Thousands of patients “yo-yo” in and out of A&E in their final days. Analysis of NHS data by the charity Marie Curie showed that in 2017 more than 26,000 people went to A&E at least three times in the last 90 days of life. A lack of palliative care and doctors’ reluctance to broach end-of-life care have been blamed. Joan Brooks died last May aged 98 after going to hospital three times in her last month. Her daughter-in-law, Lynn, said: “I called it the yo-yo effect. We knew when we were taking her home that she would be back.”

BBC News 14th March 2019: NHS let me down, says health manager with cancer



Decriminalise unintended erreros…. And initiate no-fault compensation…

New Zealand has been ahead of the UK in many ways, for the last 40 years. No fault compensation (ACC) was started in the 1970s, and there are co-payments. Despite all this effort to ensure a sustainable health care system, the legal risk has not been controlled enough. So the new legislation has been introduced. The NZ system was initially based on the UK but they have moved with the times, and necessity. Another public good related to drugs, where NZ limits the choice to the cheapest generic, but still allows citizens to pay the extra if they so wish. (Universal list of medicines). This is what NHSreality calls “overt rationing”.

Criminalisation of unintentional error in healthcare in the UK: a perspective from New Zealand

  1. Rohan Ameratunga, adult and paediatric immunologist and honorary associate professor1,
  2. Hilary Klonin, consultant paediatric intensivist2,
  3. Jenny Vaughan, consultant neurologist34,
  4. Alan Merry, deputy dean and specialist anaesthetist15,
  5. Jonathan Cusack, honorary senior lecturer6

Key messages

  • Healthcare systems should provide an adequate and effective response to patients who have been unintentionally harmed while receiving care

  • To improve patient safety we need a greater focus on learning and resolution rather than retribution and blame, recognising the importance of protecting confidential personal reflective practice while encouraging open disclosure and system transparency

  • In line with the recommendations from the Williams review, England and Wales should have a higher threshold for criminal prosecution in response to deaths that arise despite conscientious efforts to care for patients under difficult circumstances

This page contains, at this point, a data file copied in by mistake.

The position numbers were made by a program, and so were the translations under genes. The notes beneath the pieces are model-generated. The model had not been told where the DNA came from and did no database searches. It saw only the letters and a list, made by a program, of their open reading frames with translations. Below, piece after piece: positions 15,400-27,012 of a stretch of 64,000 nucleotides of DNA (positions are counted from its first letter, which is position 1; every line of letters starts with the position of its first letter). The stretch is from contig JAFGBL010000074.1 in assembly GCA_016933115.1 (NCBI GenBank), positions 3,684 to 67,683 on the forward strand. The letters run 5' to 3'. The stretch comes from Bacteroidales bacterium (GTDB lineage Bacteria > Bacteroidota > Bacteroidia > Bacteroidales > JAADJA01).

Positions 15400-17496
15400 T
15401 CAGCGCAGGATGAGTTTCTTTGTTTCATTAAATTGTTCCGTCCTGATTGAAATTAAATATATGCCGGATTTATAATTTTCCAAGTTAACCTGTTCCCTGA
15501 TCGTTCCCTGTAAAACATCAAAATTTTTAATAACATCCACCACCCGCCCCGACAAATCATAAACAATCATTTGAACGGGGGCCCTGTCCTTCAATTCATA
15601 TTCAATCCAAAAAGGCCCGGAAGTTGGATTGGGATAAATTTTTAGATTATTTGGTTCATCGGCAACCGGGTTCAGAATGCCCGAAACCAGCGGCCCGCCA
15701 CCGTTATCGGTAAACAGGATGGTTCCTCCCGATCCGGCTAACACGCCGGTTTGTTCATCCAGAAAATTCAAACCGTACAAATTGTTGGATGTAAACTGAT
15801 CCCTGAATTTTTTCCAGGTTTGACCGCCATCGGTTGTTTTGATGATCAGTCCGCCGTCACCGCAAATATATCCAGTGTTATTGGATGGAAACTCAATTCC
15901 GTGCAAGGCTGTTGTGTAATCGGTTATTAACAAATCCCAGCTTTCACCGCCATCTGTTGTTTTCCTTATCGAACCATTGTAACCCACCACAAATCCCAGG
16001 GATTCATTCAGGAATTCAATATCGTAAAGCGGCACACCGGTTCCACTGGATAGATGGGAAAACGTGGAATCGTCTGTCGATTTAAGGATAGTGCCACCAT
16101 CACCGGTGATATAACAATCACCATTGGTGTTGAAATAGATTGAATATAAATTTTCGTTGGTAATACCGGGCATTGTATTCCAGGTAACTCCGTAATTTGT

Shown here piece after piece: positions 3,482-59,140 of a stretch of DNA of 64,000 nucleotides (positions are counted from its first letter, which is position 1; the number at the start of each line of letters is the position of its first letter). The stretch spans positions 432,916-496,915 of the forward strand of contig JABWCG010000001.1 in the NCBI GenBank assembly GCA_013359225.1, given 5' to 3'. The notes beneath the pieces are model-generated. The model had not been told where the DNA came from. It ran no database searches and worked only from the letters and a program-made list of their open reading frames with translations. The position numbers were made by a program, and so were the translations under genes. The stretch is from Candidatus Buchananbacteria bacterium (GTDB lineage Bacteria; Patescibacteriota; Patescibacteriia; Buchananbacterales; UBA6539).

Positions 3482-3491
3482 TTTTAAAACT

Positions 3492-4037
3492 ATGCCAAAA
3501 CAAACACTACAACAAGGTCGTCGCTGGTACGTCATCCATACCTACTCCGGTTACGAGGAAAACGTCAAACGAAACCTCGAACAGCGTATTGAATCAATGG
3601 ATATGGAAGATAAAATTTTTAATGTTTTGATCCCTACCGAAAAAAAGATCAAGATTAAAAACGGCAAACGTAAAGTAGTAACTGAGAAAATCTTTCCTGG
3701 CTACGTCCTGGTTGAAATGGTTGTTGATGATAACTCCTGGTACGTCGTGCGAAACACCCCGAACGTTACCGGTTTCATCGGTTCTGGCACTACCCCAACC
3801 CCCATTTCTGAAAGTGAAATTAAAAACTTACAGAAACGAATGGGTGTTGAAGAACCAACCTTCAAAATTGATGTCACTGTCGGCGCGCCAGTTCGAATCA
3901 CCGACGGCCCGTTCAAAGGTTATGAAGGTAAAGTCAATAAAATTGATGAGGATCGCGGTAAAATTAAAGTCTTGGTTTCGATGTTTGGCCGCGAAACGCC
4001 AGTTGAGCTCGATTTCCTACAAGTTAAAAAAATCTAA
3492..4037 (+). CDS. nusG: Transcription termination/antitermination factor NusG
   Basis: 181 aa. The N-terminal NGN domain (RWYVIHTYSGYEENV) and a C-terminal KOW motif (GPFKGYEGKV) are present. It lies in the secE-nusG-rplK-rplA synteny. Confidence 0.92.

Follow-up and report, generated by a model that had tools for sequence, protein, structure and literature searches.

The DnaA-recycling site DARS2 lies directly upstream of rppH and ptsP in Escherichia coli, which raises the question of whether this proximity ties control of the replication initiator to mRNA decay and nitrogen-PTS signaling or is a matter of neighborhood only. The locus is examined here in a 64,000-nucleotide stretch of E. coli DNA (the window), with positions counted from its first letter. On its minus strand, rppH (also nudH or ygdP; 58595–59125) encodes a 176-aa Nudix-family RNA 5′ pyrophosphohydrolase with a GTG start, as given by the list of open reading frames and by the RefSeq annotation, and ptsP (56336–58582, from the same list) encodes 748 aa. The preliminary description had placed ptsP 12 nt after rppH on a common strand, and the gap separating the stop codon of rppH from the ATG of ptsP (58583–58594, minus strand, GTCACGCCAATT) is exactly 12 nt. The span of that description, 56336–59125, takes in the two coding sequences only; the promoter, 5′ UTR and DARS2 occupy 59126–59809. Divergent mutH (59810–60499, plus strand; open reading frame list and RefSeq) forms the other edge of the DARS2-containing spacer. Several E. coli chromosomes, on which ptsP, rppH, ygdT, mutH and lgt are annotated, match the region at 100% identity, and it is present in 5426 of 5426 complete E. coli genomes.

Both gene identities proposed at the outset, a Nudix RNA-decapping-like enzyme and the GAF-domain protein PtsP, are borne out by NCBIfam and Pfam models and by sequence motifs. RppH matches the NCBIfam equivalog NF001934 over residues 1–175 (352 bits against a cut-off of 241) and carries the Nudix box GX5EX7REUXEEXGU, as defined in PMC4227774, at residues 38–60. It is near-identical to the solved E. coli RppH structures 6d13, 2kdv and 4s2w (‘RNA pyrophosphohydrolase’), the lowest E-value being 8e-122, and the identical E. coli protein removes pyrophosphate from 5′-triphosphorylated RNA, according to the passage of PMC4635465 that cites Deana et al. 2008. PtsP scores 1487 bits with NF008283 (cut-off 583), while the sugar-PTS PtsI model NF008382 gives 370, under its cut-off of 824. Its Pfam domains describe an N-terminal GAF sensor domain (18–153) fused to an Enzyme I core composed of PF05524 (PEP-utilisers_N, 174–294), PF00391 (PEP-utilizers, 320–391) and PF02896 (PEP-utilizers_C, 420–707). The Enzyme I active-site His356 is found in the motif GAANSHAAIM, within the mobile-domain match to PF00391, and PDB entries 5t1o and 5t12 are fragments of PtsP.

• We urgently need to improve the clinical working environment and resourcing for safe functioning of hospitals

The perverse incentives for government and university are too great…. A different long term plan is needed..

It is expensive to train medics, and the “cost” as shown below, is only a fraction of the real cost. The last estimate I saw was £260,00 in 2016. The market for medics is world wide, made worse by a global shortage and, in the case of the UK, made worse by the universal language of medical science – which is English. With rationing, we have to date given 2 out of 11 applicants places, and the odds have reduced to 1 out of 3! We need them all, and a virtual medical school could supply. Graduate entry is more efficient for the state, and gives males a better opportunity against females, as the men mature later. All this is recorded in NHSreality. ( See links below) The Perverse Incentives for government to apply short term policies, and the universities to generate income before providing the people needed are driving the situation worse. Along with this current doctors are bullied, harassed and overworked. At junior level repeat mistakes are endemic, and if all were recorded as “critical incidents” these doctors would not have time to work. In many countries, especially those from where we import doctors, they are predominantly private and admission is through wealth. These countries have created a caste system in health care, and the best is usually private. The articles below have interesting graphics…..We are already heading there, but it will take a longer term view to turn the juggernaut around.